Document Detail


Why patients visit their doctors: assessing the most prevalent conditions in a defined American population.
MedLine Citation:
PMID:  23274019     Owner:  NLM     Status:  MEDLINE    
Abstract/OtherAbstract:
OBJECTIVE: To describe the prevalence of nonacute conditions among patients seeking health care in a defined US population, emphasizing age, sex, and ethnic differences.
PATIENTS AND METHODS: The Rochester Epidemiology Project (REP) medical records linkage system was used to identify all residents of Olmsted County, Minnesota, on April 1, 2009, who had consented to review of their medical records for research (142,377 patients). We then electronically extracted all International Classification of Diseases, Ninth Revision codes noted in the records of these patients by any health care institution between January 1, 2005, and December 31, 2009. We grouped International Classification of Diseases, Ninth Revision codes into clinical classification codes and then into 47 broader disease groups associated with health-related quality of life. Age- and sex-specific prevalence was estimated by dividing the number of individuals within each group by the corresponding age- and sex-specific population. Patients within a group who had multiple codes were counted only once.
RESULTS: We included a total of 142,377 patients, 75,512 (53%) of whom were female. Skin disorders (42.7%), osteoarthritis and joint disorders (33.6%), back problems (23.9%), disorders of lipid metabolism (22.4%), and upper respiratory tract disease (22.1%, excluding asthma) were the most prevalent disease groups in this population. Ten of the 15 most prevalent disease groups were more common in women in almost all age groups, whereas disorders of lipid metabolism, hypertension, and diabetes were more common in men. Additionally, the prevalence of 7 of the 10 most common groups increased with advancing age. Prevalence also varied across ethnic groups (whites, blacks, and Asians).
CONCLUSION: Our findings suggest areas for focused research that may lead to better health care delivery and improved population health.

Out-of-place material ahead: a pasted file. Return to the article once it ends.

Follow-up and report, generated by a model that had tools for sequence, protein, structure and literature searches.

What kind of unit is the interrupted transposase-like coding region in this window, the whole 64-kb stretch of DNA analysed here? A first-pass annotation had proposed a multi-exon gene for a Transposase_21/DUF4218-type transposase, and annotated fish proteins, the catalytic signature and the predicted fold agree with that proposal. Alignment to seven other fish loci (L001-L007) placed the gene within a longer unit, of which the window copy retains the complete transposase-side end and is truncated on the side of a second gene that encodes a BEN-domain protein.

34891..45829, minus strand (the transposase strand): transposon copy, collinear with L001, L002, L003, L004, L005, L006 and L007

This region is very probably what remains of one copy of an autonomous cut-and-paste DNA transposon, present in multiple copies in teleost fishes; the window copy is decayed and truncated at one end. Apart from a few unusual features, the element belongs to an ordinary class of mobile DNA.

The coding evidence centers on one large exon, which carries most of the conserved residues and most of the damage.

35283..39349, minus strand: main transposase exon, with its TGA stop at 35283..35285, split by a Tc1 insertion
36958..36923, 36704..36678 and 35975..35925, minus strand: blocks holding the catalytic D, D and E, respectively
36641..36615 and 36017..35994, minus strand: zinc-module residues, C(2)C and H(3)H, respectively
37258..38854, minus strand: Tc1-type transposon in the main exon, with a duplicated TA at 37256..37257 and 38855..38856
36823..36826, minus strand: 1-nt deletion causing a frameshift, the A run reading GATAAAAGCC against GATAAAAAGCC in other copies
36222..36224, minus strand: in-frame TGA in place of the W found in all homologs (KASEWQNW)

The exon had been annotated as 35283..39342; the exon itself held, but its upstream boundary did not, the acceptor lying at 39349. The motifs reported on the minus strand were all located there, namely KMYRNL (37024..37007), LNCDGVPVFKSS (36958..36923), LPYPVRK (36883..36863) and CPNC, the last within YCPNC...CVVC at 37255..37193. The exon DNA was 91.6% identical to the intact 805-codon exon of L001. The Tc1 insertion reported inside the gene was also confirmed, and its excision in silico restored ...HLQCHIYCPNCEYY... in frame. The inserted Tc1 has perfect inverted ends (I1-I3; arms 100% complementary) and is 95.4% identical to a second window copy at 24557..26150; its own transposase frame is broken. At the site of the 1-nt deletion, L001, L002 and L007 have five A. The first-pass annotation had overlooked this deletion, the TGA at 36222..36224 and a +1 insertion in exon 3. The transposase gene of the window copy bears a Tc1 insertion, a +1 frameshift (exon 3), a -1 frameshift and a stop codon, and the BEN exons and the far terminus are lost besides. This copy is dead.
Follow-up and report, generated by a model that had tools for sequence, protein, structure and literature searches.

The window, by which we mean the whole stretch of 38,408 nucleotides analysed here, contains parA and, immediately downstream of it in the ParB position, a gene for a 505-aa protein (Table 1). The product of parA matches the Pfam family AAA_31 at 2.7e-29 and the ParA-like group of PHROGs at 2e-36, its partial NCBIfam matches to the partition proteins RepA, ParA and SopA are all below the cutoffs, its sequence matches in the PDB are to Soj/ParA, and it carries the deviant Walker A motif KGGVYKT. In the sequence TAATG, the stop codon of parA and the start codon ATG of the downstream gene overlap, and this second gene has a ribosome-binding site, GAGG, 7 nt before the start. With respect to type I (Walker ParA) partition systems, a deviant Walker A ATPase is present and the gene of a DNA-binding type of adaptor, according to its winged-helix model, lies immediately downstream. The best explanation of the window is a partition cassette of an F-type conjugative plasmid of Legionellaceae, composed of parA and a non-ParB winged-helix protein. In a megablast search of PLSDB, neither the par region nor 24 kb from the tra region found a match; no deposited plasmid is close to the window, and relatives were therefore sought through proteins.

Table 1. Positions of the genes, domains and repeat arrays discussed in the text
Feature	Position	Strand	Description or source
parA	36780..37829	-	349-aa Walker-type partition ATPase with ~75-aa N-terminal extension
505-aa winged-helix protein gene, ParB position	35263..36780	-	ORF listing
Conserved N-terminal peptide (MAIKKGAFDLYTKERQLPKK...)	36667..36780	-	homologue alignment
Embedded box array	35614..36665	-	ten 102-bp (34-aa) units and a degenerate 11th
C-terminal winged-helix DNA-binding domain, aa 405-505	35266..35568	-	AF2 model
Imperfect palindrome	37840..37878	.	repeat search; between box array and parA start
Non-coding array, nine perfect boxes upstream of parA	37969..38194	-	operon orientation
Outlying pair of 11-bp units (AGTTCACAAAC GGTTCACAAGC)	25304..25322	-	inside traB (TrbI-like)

Authors:
Jennifer L St Sauver; David O Warner; Barbara P Yawn; Debra J Jacobson; Michaela E McGree; Joshua J Pankratz; L Joseph Melton; Véronique L Roger; Jon O Ebbert; Walter A Rocca
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Publication Detail:
Type:  Journal Article; Research Support, N.I.H., Extramural; Video-Audio Media    
Journal Detail:
Title:  Mayo Clinic proceedings     Volume:  88     ISSN:  1942-5546     ISO Abbreviation:  Mayo Clin. Proc.     Publication Date:  2013 Jan 
Date Detail:
Created Date:  2012-12-31     Completed Date:  2013-03-12     Revised Date:  2014-01-09    
Medline Journal Info:
Nlm Unique ID:  0405543     Medline TA:  Mayo Clin Proc     Country:  England    
Other Details:
Languages:  eng     Pagination:  56-67     Citation Subset:  AIM; IM    
Copyright Information:
Copyright © 2013 Mayo Foundation for Medical Education and Research. Published by Elsevier Inc. All rights reserved.
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MeSH Terms
Descriptor/Qualifier:
Age Distribution
Back Pain / epidemiology*
Dyslipidemias / epidemiology*
Epidemiologic Studies*
Female
Humans
International Classification of Diseases
Joint Diseases / epidemiology*
Male
Medical Record Linkage
Minnesota / epidemiology
Prevalence
Quality of Life
Respiratory Tract Diseases / epidemiology*
Skin Diseases / epidemiology*
United States / epidemiology
Grant Support
ID/Acronym/Agency:
R01 AG034676/AG/NIA NIH HHS; R01-AG034676/AG/NIA NIH HHS; UL1 RR024150/RR/NCRR NIH HHS; UL1 RR024150/RR/NCRR NIH HHS
Comments/Corrections
Comment In:
Mayo Clin Proc. 2013 Jul;88(7):776-7   [PMID:  23751982 ]
Mayo Clin Proc. 2013 Jul;88(7):776   [PMID:  23751981 ]

From MEDLINE®/PubMed®, a database of the U.S. National Library of Medicine


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